There seems to be some determination in ensuring that two public sector banks go for sale this year. The disinvestment target is high, at Rs 1.75 lakh crore, which has never been achieved in the past. In FY18 and FY19 the collections were Rs 1.0 lakh crore and Rs 95,000 crore respectively. Therefore Rs 1.75 lakh crore looks very ambitious. More so, as LIC is involved, which can be a tough nut to crack given the processes that are involved. Various names have been taken, such as the IOB, Central Bank and even Bank of India. This would truly be a giant step, as it would be the reverse of nationalisation, which took place in 1969. For the employees, there will be apprehension, if not trepidation.
The first issue which comes to mind is whether the sale will be in a single stroke of the government going below 50 per cent or selling the entire bank or whether it will be slice by slice. So far, any disinvestment has been partial. The state of the market and pricing will be important. The second will be whether the government opts for a sale in the market where anyone can buy the shares, or whether it will be to a strategic investor.
Promoter stake limit
The former will make it widely held while the latter will give it to a single party. The problem with the latter is that going by the RBI rules for any new private bank licence, the buyer will have to divest at some point of time, to meet these norms. Therefore, this contradiction will have to be sorted out. There is a limit on the promoter stake in a bank in the long run being 15 per cent, which can be increased to 26 per cent. Third, if the bank is sold to a strategic partner, can it be a non-financial corporate? This is important because the policy of giving new licences does not preclude corporates though there are conditions put in. Or will it be a foreign bank which can become big at one stroke, like DBS? These answers will be known with time.
There are concerns on the part of these banks, especially if they are sold to a single party which could be a corporate or even an existing NBFC or bank (could be a foreign bank). These banks were not considered for mergers with other PSBs and are now being sold in the market. This means that they will definitely become private banks, which will clash with the work ethic in every sense.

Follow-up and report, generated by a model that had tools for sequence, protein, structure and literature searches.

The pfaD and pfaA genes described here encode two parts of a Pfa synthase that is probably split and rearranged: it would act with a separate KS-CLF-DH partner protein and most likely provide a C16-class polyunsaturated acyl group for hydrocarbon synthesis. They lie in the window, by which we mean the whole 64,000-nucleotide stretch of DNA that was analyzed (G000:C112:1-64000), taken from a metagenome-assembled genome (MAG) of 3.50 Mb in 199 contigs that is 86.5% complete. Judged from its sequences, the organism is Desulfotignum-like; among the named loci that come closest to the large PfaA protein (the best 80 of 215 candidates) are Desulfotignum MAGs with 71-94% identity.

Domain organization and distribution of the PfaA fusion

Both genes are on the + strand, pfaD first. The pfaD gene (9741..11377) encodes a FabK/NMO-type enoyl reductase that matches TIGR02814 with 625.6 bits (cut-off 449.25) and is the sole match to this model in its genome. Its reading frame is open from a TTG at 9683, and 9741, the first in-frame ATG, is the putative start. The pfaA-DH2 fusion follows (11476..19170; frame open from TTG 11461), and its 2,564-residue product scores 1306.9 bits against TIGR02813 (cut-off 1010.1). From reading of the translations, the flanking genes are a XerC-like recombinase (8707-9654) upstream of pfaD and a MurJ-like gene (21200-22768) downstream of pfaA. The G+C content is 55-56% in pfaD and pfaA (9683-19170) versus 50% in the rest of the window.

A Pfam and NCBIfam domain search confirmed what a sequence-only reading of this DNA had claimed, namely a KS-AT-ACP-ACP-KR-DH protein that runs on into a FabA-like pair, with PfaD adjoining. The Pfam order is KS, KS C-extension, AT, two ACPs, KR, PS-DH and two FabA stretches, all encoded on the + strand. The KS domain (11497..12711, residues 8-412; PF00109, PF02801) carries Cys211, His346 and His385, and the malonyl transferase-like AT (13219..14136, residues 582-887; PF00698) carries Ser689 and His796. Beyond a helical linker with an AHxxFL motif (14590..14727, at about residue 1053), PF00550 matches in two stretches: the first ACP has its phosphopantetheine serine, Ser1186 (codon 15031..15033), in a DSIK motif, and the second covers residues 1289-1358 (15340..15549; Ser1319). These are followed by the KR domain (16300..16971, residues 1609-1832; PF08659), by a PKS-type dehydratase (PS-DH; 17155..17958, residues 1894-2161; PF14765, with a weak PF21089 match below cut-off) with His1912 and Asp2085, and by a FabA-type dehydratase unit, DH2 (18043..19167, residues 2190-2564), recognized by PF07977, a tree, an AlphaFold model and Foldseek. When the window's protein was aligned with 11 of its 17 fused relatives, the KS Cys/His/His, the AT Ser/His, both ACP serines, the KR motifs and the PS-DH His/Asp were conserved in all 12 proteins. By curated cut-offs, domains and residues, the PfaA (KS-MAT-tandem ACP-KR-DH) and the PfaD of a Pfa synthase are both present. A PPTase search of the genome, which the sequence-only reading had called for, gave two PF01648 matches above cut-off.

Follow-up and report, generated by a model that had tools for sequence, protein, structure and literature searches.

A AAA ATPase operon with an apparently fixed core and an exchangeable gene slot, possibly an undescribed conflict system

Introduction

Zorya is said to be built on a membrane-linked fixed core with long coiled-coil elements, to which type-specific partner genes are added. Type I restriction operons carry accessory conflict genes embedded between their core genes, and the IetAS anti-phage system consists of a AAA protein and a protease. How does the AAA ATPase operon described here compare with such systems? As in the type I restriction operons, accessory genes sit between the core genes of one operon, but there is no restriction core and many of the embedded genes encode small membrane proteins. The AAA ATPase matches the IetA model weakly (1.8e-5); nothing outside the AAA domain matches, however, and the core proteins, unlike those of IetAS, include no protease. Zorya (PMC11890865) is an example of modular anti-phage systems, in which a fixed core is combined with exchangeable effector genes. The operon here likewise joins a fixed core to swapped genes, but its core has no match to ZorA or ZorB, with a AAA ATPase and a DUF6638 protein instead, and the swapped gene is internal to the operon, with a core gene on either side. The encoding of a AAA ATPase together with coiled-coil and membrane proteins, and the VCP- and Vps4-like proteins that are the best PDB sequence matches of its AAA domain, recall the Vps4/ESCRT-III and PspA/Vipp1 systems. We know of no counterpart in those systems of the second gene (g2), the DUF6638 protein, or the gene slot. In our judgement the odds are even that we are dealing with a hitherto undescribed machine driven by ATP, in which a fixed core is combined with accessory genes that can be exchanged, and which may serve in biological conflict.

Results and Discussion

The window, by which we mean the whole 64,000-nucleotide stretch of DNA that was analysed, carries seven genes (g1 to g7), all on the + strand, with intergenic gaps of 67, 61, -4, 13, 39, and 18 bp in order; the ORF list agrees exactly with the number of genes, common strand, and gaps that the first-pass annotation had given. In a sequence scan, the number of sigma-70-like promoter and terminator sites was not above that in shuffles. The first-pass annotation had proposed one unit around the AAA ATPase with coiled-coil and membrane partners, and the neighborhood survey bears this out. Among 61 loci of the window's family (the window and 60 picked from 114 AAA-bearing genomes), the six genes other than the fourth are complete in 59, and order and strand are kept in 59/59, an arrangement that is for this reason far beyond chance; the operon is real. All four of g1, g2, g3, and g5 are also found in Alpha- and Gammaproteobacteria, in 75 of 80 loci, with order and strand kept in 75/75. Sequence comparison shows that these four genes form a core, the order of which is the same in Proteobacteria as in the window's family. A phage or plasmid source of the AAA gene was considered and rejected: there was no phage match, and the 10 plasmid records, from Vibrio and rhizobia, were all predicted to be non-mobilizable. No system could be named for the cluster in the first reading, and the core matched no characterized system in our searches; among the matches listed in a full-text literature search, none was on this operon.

Pay scale revision
First, the pay scales need to be looked at. There can be upward revisions selectively, in case it is a private party buying the bank. Second, the job security issue will be important. While it is true that private banks are major recruiters in the market today and hence there is no reason for insecurity, the quality of staff is an issue, as the concept of peons and clerks does not exist in private banks.
Third, lateral hiring is almost inevitable when it comes to chief positions, which will create challenges for the privatised bank. Fourth, the senior management will definitely change, as the acquiring entity would like to run the bank on its own terms. This may not be good news for the existing senior management. Fifth, even the Board structures will change and there will be a new set of personnel here.
These issues are serious, and the government and RBI have to consider them to ensure there is a smooth sale. Whenever private banks have merged with others, there have been conditions put by the RBI in terms of tenure of staff for a fixed period of time, as well as salary structures. In some cases, it has worked, but in most cases, there have been many exits at the senior level. Labour issues have to be addressed first, before the sale is reckoned with.
It should be pointed out that any entity or group buying a PSB literally gets a full bank with all the branches, ATMs, experienced staff, systems, and level of business at one stroke and there will be nothing to really build. Therefore, it makes a lot of sense for any promoter to strongly pitch for the bank. Ideally, a premium to the market price should be charged, as there is a lot of hidden value which saves time for the purchaser.
The question now is whether anyone can put forward so much money. The market cap of these banks ranges from Rs 12,000 crore to Rs 35,000 crore. Getting in such amounts of money at the higher end, for even 51 per cent will be considerable. And anyone paying so much may not find conditions placed on the labour issue acceptable. Therefore, it will be interesting to see how these dynamics play out during the course of the year.
The writer is Chief Economist, CARE Ratings, and author of: Hits & Misses: The Indian Banking Story. Views are personal